The Endless Summer - Excerpt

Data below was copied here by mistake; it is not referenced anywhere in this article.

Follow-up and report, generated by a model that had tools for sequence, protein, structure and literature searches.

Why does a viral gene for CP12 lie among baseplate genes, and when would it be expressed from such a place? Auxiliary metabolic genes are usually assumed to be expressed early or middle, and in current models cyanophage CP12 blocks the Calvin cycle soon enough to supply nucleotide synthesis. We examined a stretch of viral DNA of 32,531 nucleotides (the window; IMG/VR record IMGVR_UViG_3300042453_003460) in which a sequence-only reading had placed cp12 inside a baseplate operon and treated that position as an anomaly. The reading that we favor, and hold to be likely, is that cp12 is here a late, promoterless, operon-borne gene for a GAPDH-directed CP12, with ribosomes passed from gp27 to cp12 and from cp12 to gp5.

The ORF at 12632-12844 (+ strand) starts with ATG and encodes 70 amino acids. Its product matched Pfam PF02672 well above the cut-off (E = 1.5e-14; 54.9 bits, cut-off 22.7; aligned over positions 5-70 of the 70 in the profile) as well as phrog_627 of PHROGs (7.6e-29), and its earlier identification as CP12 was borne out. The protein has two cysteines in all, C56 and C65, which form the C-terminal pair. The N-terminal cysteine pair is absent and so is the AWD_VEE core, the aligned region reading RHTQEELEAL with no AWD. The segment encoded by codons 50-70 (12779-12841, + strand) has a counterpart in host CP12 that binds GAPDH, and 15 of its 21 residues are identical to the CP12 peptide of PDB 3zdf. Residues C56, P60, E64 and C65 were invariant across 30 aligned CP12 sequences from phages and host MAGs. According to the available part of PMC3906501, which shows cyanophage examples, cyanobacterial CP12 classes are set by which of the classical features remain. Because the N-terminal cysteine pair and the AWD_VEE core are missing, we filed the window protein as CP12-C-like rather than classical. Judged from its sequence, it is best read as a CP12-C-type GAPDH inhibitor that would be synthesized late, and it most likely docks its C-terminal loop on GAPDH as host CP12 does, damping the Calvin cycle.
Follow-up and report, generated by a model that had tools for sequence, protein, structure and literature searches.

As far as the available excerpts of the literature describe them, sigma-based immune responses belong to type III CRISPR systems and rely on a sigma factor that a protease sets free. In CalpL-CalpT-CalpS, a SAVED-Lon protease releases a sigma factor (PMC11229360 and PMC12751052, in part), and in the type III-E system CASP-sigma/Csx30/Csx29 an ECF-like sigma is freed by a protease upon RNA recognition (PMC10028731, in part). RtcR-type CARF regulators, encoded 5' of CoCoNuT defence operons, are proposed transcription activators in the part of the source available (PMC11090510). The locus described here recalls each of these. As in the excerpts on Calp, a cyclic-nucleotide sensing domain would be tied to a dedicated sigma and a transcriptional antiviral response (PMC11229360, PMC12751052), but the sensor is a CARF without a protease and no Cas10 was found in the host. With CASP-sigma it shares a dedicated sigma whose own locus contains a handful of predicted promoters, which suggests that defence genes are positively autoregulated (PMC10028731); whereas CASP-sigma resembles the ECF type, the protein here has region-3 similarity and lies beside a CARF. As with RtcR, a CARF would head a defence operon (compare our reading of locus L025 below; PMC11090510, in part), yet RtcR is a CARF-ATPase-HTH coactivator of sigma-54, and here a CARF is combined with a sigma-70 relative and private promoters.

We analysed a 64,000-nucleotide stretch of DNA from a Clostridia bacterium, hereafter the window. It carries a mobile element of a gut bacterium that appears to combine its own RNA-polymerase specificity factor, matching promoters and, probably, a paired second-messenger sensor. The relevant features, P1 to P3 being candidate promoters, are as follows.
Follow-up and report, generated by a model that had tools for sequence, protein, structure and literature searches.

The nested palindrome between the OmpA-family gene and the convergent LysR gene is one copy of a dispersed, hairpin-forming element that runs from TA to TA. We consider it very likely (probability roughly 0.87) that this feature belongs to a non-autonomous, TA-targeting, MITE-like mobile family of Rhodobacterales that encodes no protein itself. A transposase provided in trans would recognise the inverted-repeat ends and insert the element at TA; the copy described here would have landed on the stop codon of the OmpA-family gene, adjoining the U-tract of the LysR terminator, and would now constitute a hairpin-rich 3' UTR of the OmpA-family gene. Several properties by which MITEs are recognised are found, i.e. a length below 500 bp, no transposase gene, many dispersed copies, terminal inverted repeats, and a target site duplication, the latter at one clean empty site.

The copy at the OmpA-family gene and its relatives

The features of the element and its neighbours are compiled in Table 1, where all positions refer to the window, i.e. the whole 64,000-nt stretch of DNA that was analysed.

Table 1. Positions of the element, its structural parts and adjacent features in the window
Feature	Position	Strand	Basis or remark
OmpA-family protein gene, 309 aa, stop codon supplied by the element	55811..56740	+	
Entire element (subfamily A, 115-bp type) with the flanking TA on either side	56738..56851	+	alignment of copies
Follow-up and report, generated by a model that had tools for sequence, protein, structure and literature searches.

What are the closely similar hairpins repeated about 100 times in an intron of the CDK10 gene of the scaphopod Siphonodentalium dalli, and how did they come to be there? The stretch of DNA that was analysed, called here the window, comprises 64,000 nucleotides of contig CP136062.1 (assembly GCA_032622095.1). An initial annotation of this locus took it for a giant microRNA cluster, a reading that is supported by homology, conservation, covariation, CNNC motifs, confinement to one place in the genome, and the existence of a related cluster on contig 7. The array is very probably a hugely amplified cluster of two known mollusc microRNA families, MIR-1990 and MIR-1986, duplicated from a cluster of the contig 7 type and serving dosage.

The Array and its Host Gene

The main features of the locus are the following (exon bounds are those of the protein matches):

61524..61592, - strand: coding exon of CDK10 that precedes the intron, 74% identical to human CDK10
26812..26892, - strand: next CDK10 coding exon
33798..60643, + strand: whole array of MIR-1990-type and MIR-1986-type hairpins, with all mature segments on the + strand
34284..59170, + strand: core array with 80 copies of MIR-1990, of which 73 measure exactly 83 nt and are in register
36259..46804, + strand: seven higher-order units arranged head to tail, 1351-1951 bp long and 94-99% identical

It begins with a boy, a young boy, who is perhaps a girl, but does not yet know it. The young boy, so fetching, so delicate, so tender, so shy, plays guitar in a band. They’re playing at a party for a crowd of young people they don’t know, and who don’t know them, and it’s their first gig, and it’s that very evening. (And later, first the girl comes, and then, but just in a glimmer, like a shadow, a dazzling shadow, a shadow of light, the mother, then the two little brothers, who climb up the walls, on the shelves and on the cupboards in the dark rooms in the basement under the farmhouse where she has withdrawn in order to escape the stepfather’s eyes, his sickly nasal voice, his gun and his inferiority and hatred of every woman, fear he disguises as disdain, and where she now lives, the girl, in the basement, the walls papered with posters of Paul Young, who is still young and beautiful and soft in the pictures and later, very soon, will be fat and alcoholic and, following a swift and efficient downward spiral, will die, and then, like an epiphany, a dazzling light, the mother, her aristocratic figure, the long gracious limbs and strong bones, the sleek ivory-colored hair flowing down her back, the stallion she rides in the mist rising off the early summer morning fields seen through one of the small grimy window panes in the basement where he has just stirred and propped himself up on one elbow under the duvet in the damp warmth of the girl’s languid body, the girl who is still asleep at his side, the dark round and soft girl with the delicate bones and big soft breasts, the eternally languid pleasure-lover and the aristocratic fair Nordic mother, her straight back and the steamy breath from the horse’s slimily-soft nostrils, and then, with no warning, the stepfather, one morning, alone in the big rustic kitchen, the slender young boy and the stepfather who sits down opposite him and starts talking about weapons, guns and pistols, and especially the bullets and particularly the dum-dum bullets, their magic effect, the almost invisible hole in the flesh, just here, right in the solar plexus where the bullet enters, almost without leaving a trace, and at the very moment it penetrates the darkness it explodes its way out and leaves the back, or what once was a back, one big ragged bleeding crater, the stepfather’s story about the bullets and the girl’s about the detectives paid by the stepfather to follow the mother everywhere as soon as she turns out of the avenue and is out of sight (and out of shooting range), and who clean him out so that he, who just a few years ago along with his older brother Buller inherited everything from their father and from one day to the next was a multimillionaire and bought an estate in Jutland, a magnificent manor house with sixteen toilets and bathrooms, can now hardly afford petrol for his second-hand car, the detectives, who he, the young boy, never sees at all, albeit their shadows fall around him in the empty rooms when he walks through the house on his own, not a word, even though everyone except the two little brothers knows about their existence, quite openly, like a religious taboo everyone simply accepts as a matter of course, the mother and her daughter and the stepfather who knows that they know but doesn’t let it affect him, doesn’t try to hide anything, as if the terror is even more deadly from being obvious and unmentionable, and as if the mother’s aristocracy, her untouchability, is even more supreme from her getting on with life, her daily round, as if nothing has happened, which just makes the stepfather’s hatred and desperation and inferiority and obsession even greater and more bombastic, it consumes him, with every day he grows paler and thinner and savagely embittered, and determined it will be over his dead body that he lets go of this woman, lets her go free, even if it will consume him, and it will, but not now, first he’ll just disappear, one day he’s suddenly gone, and the summer has started, an endless summer, in which nothing happens, in which he, the slender boy, falls out of the world, the world he came from, and into this other world, which is a world in itself, where time and light stand still and the dust rotates and no one does anything, nothing other than living as if they were in a different era and a completely different location, as if the white farmhouse is a governor’s residence on St. Croix in the final days of the empire when everything is too late and thus suddenly at last possible. The mother spends her days on the back of her stallion and doesn’t come in until darkness falls, and she sits in the kitchen with a glass of wine, surrounded by candles, and the girl and the young boy stay in bed until late in the afternoon and never get properly up, but wander around the house wearing one another’s clothes, the young boy dressed like a yet to be sexed toreador or a virgin, and sit in the kitchen and drink milky coffee and bake bread with the last of the flour and fill it with scraps of cheese and onion and herbs and eat steaming slices and hunks that fall apart while they laugh and sink onto her big iron bed, which has now been moved upstairs into the smaller of the two sitting rooms, and make love for hours on end without knowing who is who, if there is one gender or many, and for a brief moment forgets his fear of body and death, which is coming, it’s coming, don’t worry, it’ll come, death comes in every story like this one, in the final cadence or maybe abruptly like a dum-dum bullet forcing an entry in the midst of life and leaving it ripped apart, spread out across the earth.